Wednesday, October 17, 2007

Knollenberg/Peters Interview with Frank Beckmann

Gary Peters and Joe Knollenberg discuss civility in politics on WJR.

CLICK HERE to listen.


MIKE said...

Knollenberg's cliche, "good for the goose/gander" is disengeneous. Joe is a Congressman/campaigner at the same time. Peter's has a job and is a candidate. No problem if someone wants to tape him campaigning. What Knollenberg doesn't like is being constantly reminded how wrong his votes are - that is the real issue.

Chet said...

Well, Gary Peters is just as much of a public figure -- and a public employee -- as Joe Knollenberg.

In this case, Knollenberg's right. The difference is Trent Wisecup hit no one. Gary Peters boss, Dean Pamela Gates, physically hit the cameraman that was filing a FOIA about Gary Peters.

The other difference. Gary Peters' public official bosses are protecting him with an unconstitutional prohibition of videotaping on CMU's campus that covers all students in a non-narrowly-tailored blanket policy. Presumably to protect "student privacy", it also forbids videotaping public officials without their "permission". If it simply forbade videotaping students without their permission, it would be narrowly tailored. But clearly that's a fig leaf to cover the real purpose of the policy - protecting Gary Peters through the use of government power.

So there are problems if someone wants to tape Gary Peters. His bosses have banned it.

And this "Peters has a job and is a candidate and that's different than Knollenberg being Congressman and campaigner simultaneously" is also disingenuous. No one is complaining about Peters holding a job and running - but if that's the case, why didn't he remain Lottery Commissioner? The problem is CMU knowingly hiring a guy while he's running for office and while he's a Lottery Commissioner. Why leave the Lottery Commissioner role in the first place - because that job does require constant attention. So he takes a job with CMU that's "full-time" but where he knows he can get away with less than full-time effort and still collect a check. The issue is about use of public employment and public money, and you know it. If a private entity hired him, it'd be quite different (don't fret though, the left would be up in arms if a Republican was suddenly hired by a private firm that gave him money in excess of the contribution limits and the job didn't require much effort, and they might have a legitimate point if the facts bore out the purpose as to evade contribution limits).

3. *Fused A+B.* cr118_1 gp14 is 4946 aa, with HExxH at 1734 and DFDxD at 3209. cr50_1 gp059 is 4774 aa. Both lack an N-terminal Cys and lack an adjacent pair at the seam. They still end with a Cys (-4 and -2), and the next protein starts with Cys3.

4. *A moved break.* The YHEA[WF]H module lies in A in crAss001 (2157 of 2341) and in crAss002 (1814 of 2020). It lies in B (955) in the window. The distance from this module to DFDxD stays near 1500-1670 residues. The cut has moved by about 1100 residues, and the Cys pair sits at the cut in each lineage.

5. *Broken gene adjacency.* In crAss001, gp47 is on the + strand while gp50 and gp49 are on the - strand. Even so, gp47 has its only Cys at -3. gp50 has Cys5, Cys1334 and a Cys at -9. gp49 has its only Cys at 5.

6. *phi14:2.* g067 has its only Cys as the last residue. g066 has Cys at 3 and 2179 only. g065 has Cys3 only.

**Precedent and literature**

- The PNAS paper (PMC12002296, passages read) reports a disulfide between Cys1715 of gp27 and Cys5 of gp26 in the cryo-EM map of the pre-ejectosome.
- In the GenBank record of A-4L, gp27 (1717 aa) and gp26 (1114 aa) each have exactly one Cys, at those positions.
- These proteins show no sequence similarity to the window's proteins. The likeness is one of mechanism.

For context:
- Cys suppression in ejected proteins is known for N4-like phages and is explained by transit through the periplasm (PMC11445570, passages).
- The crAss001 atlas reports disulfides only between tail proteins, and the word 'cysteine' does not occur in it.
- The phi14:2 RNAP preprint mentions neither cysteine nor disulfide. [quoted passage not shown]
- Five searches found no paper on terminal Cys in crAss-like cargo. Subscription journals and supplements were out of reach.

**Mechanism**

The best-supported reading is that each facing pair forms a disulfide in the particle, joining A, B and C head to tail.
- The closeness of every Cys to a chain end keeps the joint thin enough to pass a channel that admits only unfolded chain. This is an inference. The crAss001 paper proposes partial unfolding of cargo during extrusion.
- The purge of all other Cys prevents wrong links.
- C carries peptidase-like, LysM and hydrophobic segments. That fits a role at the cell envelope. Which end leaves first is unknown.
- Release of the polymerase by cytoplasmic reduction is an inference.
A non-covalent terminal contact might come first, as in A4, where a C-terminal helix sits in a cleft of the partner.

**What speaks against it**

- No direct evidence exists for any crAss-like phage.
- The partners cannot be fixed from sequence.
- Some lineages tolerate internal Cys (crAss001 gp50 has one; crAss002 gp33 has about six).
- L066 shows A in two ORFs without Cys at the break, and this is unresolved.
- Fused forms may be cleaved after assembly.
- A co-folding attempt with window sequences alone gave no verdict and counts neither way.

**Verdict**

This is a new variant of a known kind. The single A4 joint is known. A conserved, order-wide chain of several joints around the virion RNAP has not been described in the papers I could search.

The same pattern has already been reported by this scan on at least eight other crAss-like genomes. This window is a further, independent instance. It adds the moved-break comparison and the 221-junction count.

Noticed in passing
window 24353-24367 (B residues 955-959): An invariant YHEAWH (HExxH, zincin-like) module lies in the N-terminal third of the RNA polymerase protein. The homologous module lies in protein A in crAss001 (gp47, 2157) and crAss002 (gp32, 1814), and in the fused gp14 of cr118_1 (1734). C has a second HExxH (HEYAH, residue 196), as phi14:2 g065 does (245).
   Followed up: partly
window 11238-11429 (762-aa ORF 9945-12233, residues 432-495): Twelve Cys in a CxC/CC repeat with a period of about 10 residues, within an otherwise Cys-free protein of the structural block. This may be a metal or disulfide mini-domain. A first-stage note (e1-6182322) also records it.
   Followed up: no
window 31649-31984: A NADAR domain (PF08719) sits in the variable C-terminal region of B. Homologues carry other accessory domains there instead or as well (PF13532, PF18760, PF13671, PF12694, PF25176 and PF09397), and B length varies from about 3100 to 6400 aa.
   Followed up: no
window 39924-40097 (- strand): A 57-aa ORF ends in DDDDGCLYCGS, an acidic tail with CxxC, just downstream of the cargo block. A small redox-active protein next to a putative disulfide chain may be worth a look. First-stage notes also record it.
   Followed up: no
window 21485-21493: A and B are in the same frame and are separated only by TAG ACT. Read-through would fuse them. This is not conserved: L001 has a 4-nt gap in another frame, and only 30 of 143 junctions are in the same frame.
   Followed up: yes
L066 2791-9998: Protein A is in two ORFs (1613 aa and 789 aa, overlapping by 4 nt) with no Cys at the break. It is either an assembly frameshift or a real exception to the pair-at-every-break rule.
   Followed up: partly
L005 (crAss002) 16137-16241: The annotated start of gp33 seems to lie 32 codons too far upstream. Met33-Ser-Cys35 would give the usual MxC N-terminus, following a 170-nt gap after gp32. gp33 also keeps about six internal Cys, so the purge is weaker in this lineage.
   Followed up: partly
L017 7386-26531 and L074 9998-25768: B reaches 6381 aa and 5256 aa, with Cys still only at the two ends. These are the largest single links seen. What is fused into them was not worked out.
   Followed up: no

It's an issue - a fact specific one - and asking questions about it quite reasonable.

I think Fealk clearly has a right to tape Knollenberg - generally (not necessarily on private property, and subject to certain contextual conditions). The same is true on the other foot then, as Joe rightly points out.

MIKE said...